In this Feb. 27, 2016 photo, Andres Alvarez Hernandez holds his fighting cock while picking up powdered milk at a government-run store, paid for with a ration card, in Vinales in the province of Pinar del Rio, Cuba. Hernandez, the nephew of a local tobacco farmer, works at a national park and is training his first cock to fight. (AP Photo/Ramon Espinosa)
In this Feb. 26, 2016 photo, a tobacco farm worker walks home after his workday in the province of Pinar del Rio, Cuba. Workers say theyâre eager to see more benefits of Cubaâs increasing links to the outside world since the start of new relations with U.S., without losing the placid lifestyle of the last half-century. (AP Photo/Ramon Espinosa)
In this March 1, 2016 photo, workers play cards during their lunch break between drying tobacco leaves at a warehouse in the province of Pinar del Rio, Cuba. The leaves are brought here to "breath" after being previously dipped in ammonium and water, and dried for at least two months. Depending on the leaf, tobacco is left to "breath" in a dark space from anywhere between two months to several years. (AP Photo/Ramon Espinosa)
In this Feb. 27, 2016 photo, Yoberlan Castillo Garcia, 30, poses for a portrait in the doorway of the barn where tobacco leaves are dried on his family's farm in Vinales in the province of Pinar del Rio, Cuba. The barn, made of dried palm leaves and wood, is also where they park a motorcycle and horse riding equipment. (AP Photo/Ramon Espinosa)
In this Feb. 26, 2016 photo, a classic American car passes the Francisco Blanco tobacco farm in the province of Pinar del Rio, Cuba. While foreign sales rose healthily last year, Cuban cigar industry officials say they have seen little impact on domestic sales from a boom in tourism that has brought hundreds of thousands of new visitors to Havana. (AP Photo/Ramon Espinosa)
In this March 1, 2016 photo, a picture of revolutionary hero Ernesto "Che" Guevara decorates a the wall inside a state-run warehouse where workers select tobacco leaves in the province of Pinar del Rio, Cuba. Tobacco operations receive tourists on group visits organized by state tourism agencies and foreigners by the hundreds receive lectures on Cuban tobacco. (AP Photo/Ramon Espinosa)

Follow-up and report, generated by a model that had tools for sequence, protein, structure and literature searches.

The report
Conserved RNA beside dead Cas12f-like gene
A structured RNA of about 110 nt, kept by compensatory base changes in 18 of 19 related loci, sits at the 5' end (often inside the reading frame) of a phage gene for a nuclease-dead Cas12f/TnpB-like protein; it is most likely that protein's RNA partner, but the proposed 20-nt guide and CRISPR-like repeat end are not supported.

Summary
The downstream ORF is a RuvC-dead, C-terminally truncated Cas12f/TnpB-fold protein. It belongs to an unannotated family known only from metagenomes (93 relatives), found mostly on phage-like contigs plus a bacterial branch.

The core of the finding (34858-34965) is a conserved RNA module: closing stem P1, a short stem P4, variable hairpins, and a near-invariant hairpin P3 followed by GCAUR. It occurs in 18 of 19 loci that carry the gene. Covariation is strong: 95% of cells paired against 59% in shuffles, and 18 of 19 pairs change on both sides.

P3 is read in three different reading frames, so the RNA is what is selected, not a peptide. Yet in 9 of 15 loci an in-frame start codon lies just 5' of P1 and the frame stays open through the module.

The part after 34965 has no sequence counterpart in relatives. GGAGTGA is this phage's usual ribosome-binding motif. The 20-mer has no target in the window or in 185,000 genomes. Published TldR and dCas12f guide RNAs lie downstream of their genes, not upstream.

In this Feb. 25, 2016 photo, workers sacrifice a pig to be cooked up for tourists expected to visit the farm the next day on the Montesino tobacco farm in the province of Pinar del Rio, Cuba. Despite the flood of visitors, some aspects of life in the provinceâs central Vinales valley have changed little. (AP Photo/Ramon Espinosa)
In this Feb. 27, 2016 photo, Raul Valdes Villasusa shows tobacco that was grown without artificial fertilizers on his tobacco farm, inside a building where leaves are dried in Vinales in the province of Pinar del Rio, Cuba. His farm forms part of a co-op of tobacco farmers who sell their crop to the government and keep a small portion for themselves. (AP Photo/Ramon Espinosa)
In this Feb. 27, 2016 photo, Yoberlan Castillo Garcia walks in the cold morning air to his small tobacco farm in Vinales in the province of Pinar del Rio, Cuba. Garcia, 30, said he's been running the farm with his brother-in-law for the last 10 years. As he walked to check on the land, his brother-in-law took tourists on a tour of their farm by horse. (AP Photo/Ramon Espinosa)
In this Feb. 26, 2016 photo, a soldier climbs up a truck that stopped for him to join residents commuting home after the workday in the province of Pinar del Rio, Cuba, where tobacco farming is the main crop. Despite the flood of visitors since Cuba and the U.S. reestablished relations, some aspects of life in the provinceâs central Vinales valley have changed little. (AP Photo/Ramon Espinosa)
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Unseasonably heavy rains have damaged Cuba's tobacco crop and raised questions about iconic cigar brands that some aficionados hope will not suffer from declining quality amid higher demand.

While foreign sales rose healthily last year, Cuban cigar industry officials say they have seen little impact on domestic sales from a boom in tourism that has brought hundreds of thousands of new visitors to Havana.

Tobacco operations receive tourists on group visits organized by state tourism agencies and foreigners by the hundreds receive lectures on Cuban tobacco.

Despite the flood of visitors since Cuba and the U.S. reestablished relations, some aspects of life in the provinces central Vinales valley have changed little.

Workers say they're eager to see more benefits of Cuba's increasing links to the outside world since the start of new relations with U.S., without losing the placid lifestyle of the last half-century.

Five Things You Should Know Before Traveling to Cuba